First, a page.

[261] Oorkondenboek Holland (1970) 43, p. 80. 

[262] Oorkondenboek Holland (1970) 45, p. 84. 

[263] Liber traditionum sancti Petri Blandiniensis, 90, p. 89. 

[264] Liber traditionum sancti Petri Blandiniensis, 96, p. 92. 

[265] Oorkondenboek Holland (1970) 60, p. 111. 

[266] Melis Stoke Rijmkroniek

[267] Kees Nieuwenhuijsen, in a private email to the author dated 3 Oct 2006. 

[268] Chronologia Johannes de Beke 38b, p. 71. 

[269] Annales Egmundani 980, MGH SS XVI, p. 445. 

[270] Warner, D. A. (trans.) The Chronicon of Thietmar of Merseburg (2001) (Manchester University Press), 6.19, p. 250. 

[271] Necrologium Genealogicum Ranshofense, Passau Necrologies I, p. 424. 

[272] Chronologia Johannes de Beke 37, p. 71. 

[273] Liber traditionum sancti Petri Blandiniensis, 102, p. 97. 

[274] Chronologia Johannes de Beke 38b, p. 73. 

[275] Beka's Egmondsch Necrologium, in Oppermann, O. (1933) Fontes Egmundenses (Utrecht), p. 106. 

[276] Vitæ Heinrici et Cunegundis Imperatores Preface, MGH SS IV, p. 791. 

[277] Annales Egmundani 993, MGH SS XVI, p. 444. 

[278] Chronologia Johannes de Beke 37, p. 71. 

[279] Oorkondenboek Holland (1970) 88, p. 181, Latin text and English translation available at <http://www.keesn.nl/sources/en_start.htm> (31 Aug 2006). 

[280] Oppermann, O. (ed.) (1933) Liber Sancti Adalberti (Fontes Egmundenses, Utrecht), information supplied by Kees Nieuwenhuijsen, in a private email to the author dated 31 Aug 2006. 

[281] Beka's Egmondsch Necrologium, in Oppermann, O. (1933) Fontes Egmundenses (Utrecht), p. 106. 

[282] Beka's Egmondsch Necrologium, in Oppermann, O. (1933) Fontes Egmundenses (Utrecht), p. 106. 

[283] Oppermann, O. (ed.) (1933) Beke's Necrologium, information supplied by Kees Nieuwenhuijsen, in a private email to the author dated 31 Aug 2006. 

[284] Kronijk van Arent toe Bocop, p. 65. 

[285] ES II 2. 

[286] Prarond, E. (ed.) (1899) Chronicon Centulense ou Chronique de l'abbaye de Saint-Riquier, traduction d'Hariulfe par le Marquis Le Ver (Abbeville) ("Chronique de l'abbaye de Saint-Riquier"), IV.XII, p. 218. 

[287] Oorkondenboek Holland (1970) 45, p. 84. 

[288] Chronologia Johannes de Beke 33a, p. 61. 

[289] Liber traditionum sancti Petri Blandiniensis, 87, p. 86. 

[290] Vita et miraculis Sancti Adalberti Egmondani 19, MHG SS XV.2, p. 703. 

[291] Gesta Treverorum, 29, MGH SS VIII, p. 169. 

[292] Oorkondenboek Holland (1970) 88, p. 181, Latin text and English translation available at <http://www.keesn.nl/sources/en_start.htm> (31 Aug 2006). 

[293] Annales Egmundani 994, MGH SS XVI, p. 444. 

[294] Gesta Treverorum, 29, MGH SS II, p. 171. 

[295] Chronologia Johannes de Beke 33a, p. 61. 

[296] Annales Egmundani 988, MGH SS XVI, p. 444. 

[297] Vita et miraculis Sancti Adalberti Egmondani 20, MHG SS XV.2, p. 703. 

[298] Liber traditionum sancti Petri Blandiniensis, 90, p. 89. 

[299] Annales Egmundani 993, MGH SS XVI, p. 444. 

[300] Chronologia Johannes de Beke 37, p. 71. 

[301] Liber traditionum sancti Petri Blandiniensis, 102, p. 97. 

[302] Nieuwenhuijsen, K. C. The Battle of Vlaardingen 1018, consulted at <http://www.keesn.nl/vlaard/> (10 Oct 2006). 

[303] Thietmar 8.27, p. 380. 

[304] Vita Meinwerci Episcopi Paderbornensis 197 and 202, MGH SS XI, pp. 152-3. 

[305] Beka's Egmondsch Necrologium, in Oppermann, O. (1933) Fontes Egmundenses (Utrecht), p. 107.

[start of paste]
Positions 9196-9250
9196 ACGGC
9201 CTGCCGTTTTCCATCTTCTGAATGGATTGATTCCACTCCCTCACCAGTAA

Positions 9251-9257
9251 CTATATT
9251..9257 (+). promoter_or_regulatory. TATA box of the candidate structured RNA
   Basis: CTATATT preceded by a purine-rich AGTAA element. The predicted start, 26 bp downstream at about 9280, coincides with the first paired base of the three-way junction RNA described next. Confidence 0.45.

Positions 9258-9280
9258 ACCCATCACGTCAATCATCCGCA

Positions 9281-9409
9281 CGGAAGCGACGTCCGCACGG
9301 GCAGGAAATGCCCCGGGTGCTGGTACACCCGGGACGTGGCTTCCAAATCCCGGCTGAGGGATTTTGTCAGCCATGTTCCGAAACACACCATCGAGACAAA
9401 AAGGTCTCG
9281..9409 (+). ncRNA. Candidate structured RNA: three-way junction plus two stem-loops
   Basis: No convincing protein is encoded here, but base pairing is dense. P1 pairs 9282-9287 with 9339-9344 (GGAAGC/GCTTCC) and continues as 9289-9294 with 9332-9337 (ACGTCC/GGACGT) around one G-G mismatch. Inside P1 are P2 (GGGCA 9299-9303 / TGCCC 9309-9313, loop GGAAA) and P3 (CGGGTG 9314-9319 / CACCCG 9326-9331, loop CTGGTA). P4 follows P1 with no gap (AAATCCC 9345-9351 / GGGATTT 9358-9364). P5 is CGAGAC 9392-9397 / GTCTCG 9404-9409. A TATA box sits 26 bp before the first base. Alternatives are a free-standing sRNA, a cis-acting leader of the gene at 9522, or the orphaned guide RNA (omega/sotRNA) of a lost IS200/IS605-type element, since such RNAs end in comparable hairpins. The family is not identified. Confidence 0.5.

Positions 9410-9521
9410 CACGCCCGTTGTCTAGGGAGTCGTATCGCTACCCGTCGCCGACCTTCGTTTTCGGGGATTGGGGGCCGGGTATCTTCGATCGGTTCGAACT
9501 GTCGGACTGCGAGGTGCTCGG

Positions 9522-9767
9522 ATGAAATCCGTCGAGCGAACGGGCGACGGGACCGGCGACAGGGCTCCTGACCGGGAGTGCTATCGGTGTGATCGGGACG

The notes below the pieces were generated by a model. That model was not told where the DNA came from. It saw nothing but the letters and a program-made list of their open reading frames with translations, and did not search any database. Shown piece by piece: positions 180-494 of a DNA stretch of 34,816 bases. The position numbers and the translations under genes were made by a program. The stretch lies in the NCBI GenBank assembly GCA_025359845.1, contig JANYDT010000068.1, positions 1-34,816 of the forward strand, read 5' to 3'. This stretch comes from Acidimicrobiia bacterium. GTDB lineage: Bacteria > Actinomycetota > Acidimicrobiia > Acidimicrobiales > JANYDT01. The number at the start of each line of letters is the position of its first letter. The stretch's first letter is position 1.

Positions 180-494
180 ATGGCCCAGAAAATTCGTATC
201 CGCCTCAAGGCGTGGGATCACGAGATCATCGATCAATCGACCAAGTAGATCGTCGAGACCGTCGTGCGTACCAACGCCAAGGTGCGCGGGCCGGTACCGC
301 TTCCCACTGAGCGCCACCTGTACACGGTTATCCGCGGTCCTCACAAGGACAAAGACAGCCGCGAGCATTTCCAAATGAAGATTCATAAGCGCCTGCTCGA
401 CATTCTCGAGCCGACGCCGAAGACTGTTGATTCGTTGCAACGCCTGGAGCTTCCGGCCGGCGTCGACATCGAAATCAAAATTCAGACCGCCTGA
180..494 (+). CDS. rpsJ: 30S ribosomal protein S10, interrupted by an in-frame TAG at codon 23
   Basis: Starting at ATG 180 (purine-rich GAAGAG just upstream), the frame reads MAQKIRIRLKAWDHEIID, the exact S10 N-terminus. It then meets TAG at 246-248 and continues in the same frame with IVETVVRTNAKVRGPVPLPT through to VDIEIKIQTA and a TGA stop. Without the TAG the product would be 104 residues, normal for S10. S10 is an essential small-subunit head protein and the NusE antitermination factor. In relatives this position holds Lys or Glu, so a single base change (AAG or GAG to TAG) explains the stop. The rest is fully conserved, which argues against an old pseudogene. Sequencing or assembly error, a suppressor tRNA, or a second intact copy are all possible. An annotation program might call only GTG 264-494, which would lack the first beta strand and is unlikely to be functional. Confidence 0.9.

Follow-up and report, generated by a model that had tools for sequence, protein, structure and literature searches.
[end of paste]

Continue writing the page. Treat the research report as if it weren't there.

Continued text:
[306] Annales Egmundani, MGH SS XVI, p. 444. 

[307] ES II 2. 

[308] Chronologia Johannes de Beke 39a, p. 73. 

[309] Oorkondenboek Holland (1970) 88, p. 181, Latin text and English translation available at <http://www.keesn.nl/sources/en_start.htm> (31 Aug 2006). 

[310] Annales Egmundani 1044, MGH SS XVI, p. 447. 

[311] Chronologia Johannes de Beke 43, p. 81. 

[312] Beka's Egmondsch Necrologium, in Oppermann, O. (1933) Fontes Egmundenses (Utrecht), p. 107. 

[313] Annales Egmundani 1030, MGH SS XVI, p. 447. 

[314] Chronologia Johannes de Beke 39a, p. 73. 

[315] Annales Egmundani 1049, MGH SS XVI, p. 447. 

[316] Chronologia Johannes de Beke 44b, pp. 83 and 85. 

[317] Beka's Egmondsch Necrologium, in Oppermann, O. (1933) Fontes Egmundenses (Utrecht), p. 107. 

[318] Annales Egmundani 1049, MGH SS XVI, p. 447. 

[319] Chronologia Johannes de Beke 39a, p. 73. 

[320] D H IV 116, p. 152. 

[321] Annales Egmundani 1061, MGH SS XVI, p. 447. 

[322] Chronologia Johannes de Beke 46, p. 87. 

[323] Beka's Egmondsch Necrologium, in Oppermann, O. (1933) Fontes Egmundenses (Utrecht), p. 107. 

[324] Chronologia Johannes de Beke 45, p. 85. 

[325] Genealogica Comitum Flandriæ Bertiniana MGH SS IX, p. 306. 

[326] Oorkondenboek Holland (1970) 88, p. 181, Latin text and English translation available at <http://www.keesn.nl/sources/en_start.htm> (31 Aug 2006). 

[327] Chronologia Johannes de Beke 46, p. 87. 

[328] Saint-Bertin II.92, p. 288. 

[329] Genealogia ex stirpe Sancti Arnulfi descendentium Mettensis 7, MGH SS XXV, p. 384. 

[330] Annales Egmundani 1063, MGH SS XVI, p. 447. 

[331] Obituaires de Sens Tome I.1, Abbaye de Saint-Denis, p. 321.       

[332] Beka's Egmondsch Necrologium, in Oppermann, O. (1933) Fontes Egmundenses (Utrecht), p. 107. 

[333] Annales Egmundani 1076, MGH SS XVI, p. 448. 

[334] Chronologia Johannes de Beke 45, p. 85. 

[335] Oorkondenboek Holland (1970) 85, p. 163. 

[336] Oorkondenboek Holland (1970) 86, p. 166. 

[337] Chronologia Johannes de Beke 48b, p. 91. 

[338] Oorkondenboek Holland (1970) 88, p. 181, Latin text and English translation available at <http://www.keesn.nl/sources/en_start.htm> (31 Aug 2006). 

[339] Annales Egmundani 1076, MGH SS XVI, p. 448. 

[340] Chronologia Johannes de Beke 48b, p. 93. 

[341] Beka's Egmondsch Necrologium, in Oppermann, O. (1933) Fontes Egmundenses (Utrecht), p. 107. 

[342] Annales Egmundani, MGH SS XVI, p. 444.